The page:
cloud computing guide - benefits, security risks, types, and more

What is cloud computing

In a nutshell: Cloud computing is a collective term for applications, servers, networks and/or the storage of data on the Internet. The bottom line is that users and the IT infrastructure they use are no longer physically in the same place, either in whole or in part. The cloud infrastructure (hardware, software) is therefore potentially global.

Cloud computing - An easy explanation

Think of Cloud Computing as a virtual rental space for computer stuff. Imagine not needing all the computer things at home, but being able to use them over the internet. Your programs, files, and even the machines running them reside in this "cloud," which is essentially massive internet servers. The best part? You can access them from anywhere, as long as you're online.

Picture yourself in a café with your laptop. Your software and data aren't on your laptop; they're in the cloud. You open your browser, log in, and voilà, you're seamlessly working as if you were at home. Whether you need a small program or a massive database, the cloud has room for it all.

In this virtual cloud world, many people share the same space, but everyone has their own corner. And if you need more space, you can just rent more, just like you'd add a room to your apartment. This way, your computer stuff stays organized, without worrying about hardware. That's Cloud Computing in a nutshell.

What are the benefits of cloud computing?

Cloud computing should bring several advantages: The resources should be adaptable to the current consumption (upwards as well as downwards), the prices should become transparent and correspond exactly to the consumption (pay as you go) and the speed of launching new services (time-to-market) should be reduced via automation. Finally, cloud computing allows data and applications to be stored anywhere in the world and to be accessed from anywhere in the world.


Ideally, cloud users only pay for what they need. But the provider must also have transparent prices. Ideally, the current status in the back end should be transparent and visible up to date.


Cloud computing should reduce the time-to-market, i.e. the time from the start of a project to the market launch of a new product. This is primarily because the cloud provider has many elements of the necessary IT infrastructure "at the push of a button". However, comparisons are very difficult here - industry must be compared with industry and service with service.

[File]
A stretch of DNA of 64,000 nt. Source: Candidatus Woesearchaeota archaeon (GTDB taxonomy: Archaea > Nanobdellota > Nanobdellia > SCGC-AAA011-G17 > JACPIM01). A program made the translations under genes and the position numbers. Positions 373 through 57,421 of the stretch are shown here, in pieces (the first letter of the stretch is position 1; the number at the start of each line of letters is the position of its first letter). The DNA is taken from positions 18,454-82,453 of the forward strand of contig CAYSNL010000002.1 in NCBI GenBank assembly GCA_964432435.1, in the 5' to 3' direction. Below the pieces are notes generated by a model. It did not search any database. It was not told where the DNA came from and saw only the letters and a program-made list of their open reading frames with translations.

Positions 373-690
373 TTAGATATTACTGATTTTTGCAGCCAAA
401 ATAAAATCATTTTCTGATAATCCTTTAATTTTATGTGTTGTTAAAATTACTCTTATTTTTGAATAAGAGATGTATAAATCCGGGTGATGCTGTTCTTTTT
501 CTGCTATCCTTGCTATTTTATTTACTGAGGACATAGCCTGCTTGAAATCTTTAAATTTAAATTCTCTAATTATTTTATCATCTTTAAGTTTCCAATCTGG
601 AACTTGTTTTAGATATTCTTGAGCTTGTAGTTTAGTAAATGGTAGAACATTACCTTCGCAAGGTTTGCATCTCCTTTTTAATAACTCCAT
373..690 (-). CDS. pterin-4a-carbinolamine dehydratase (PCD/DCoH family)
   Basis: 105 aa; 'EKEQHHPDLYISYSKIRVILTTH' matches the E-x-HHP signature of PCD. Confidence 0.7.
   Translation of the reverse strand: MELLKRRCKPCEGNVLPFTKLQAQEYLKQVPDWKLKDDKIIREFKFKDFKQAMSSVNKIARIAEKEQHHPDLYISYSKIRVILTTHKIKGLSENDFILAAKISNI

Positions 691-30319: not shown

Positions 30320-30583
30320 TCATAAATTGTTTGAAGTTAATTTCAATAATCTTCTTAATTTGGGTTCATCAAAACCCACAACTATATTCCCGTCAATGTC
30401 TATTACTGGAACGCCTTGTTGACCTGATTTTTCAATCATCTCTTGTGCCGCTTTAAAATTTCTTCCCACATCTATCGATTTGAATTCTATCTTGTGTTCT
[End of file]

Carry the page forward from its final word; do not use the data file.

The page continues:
Since cloud providers focus on technical expertise, security should be higher than for an average SME whose core business is something completely different and IT is "only" a means to an end. On the other hand, there is the single point of failure problem: once an attacker is inside, not only one company is affected, but potentially all customers - the fact that even large ones repeatedly have security problems is easy to follow in the media.


Here, too, the focus is on the cloud provider's specialization. The reliability of the applications used is guaranteed by its expertise and focus on the core business. However, the extent of expertise that a customer benefits from can vary greatly. It must therefore be precisely defined in the service level agreement (SLA) what the cloud provider is responsible for and what the customer is responsible for.


Hier geht es um die Güte eines Service. Denn die Cloud-Applikation kann antworten, aber es kann sehr langsam gehen. Deshalb sollte der Kunde genau überlegen, was er an Reaktivität (z. B. Antwortzeit für Service X) bei jedem Service benötigt, und diese in klar definierten KPIs niederlegen; diese gehören ins SLA.


The availability of a cloud service is the minimum period during which the system is available. Typical time units are minutes, hours, days, months, quarters or years. Availability is usually specified as a percentage value in relation to the period under consideration, for example "99.5 % in the month". In cloud computing, 99.9 percent is considered the minimum value. Again, keep in mind that 99.9 percent means a loss of access of 8.7 hours per year. For some businesses, this may already be too much.


Since the IT infrastructure is ready at the push of a button, new offerings can be launched more quickly. Time-to-market is therefore reduced. But cloud computing is only one part of this calculation. The relevant processes must also be standardized at the customer.


The necessary resources can be infinitely adjusted to the customer's needs, both upwards and downwards. It is important to note, however, that many companies do not have such needs at all, or only to a limited extent. Unlimited scalability is nice, but often a limited variant is enough.

What (cloud) service models are available?


Function as a Service (FaaS) is a category of cloud computing services. Here, the service provider makes individual application functions available on a cloud basis that scale easily and whose infrastructure is hidden from the user (e.g., a search query or the retrieval of geodata).


Infrastructure as a Service (IaaS) is a business model in which computing infrastructure is rented instead of purchased. This means that capacity can be flexibly adjusted at any time (on demand). Sudden growth can be accommodated (scalability) without the application provider having to buy new premises or hardware. At the same time, unused capacity can be reduced again immediately. The customer therefore only pays for what he currently needs.


A Platform as a Service (PaaS) offering enables developers to develop, run and manage cloud applications without having to worry about building and maintaining the infrastructure. This is done by the service provider, who also already provides certain services (storage, databases, development environments, etc.). These services can only be accessed via APIs.

What are the different types of cloud computing?

Public Cloud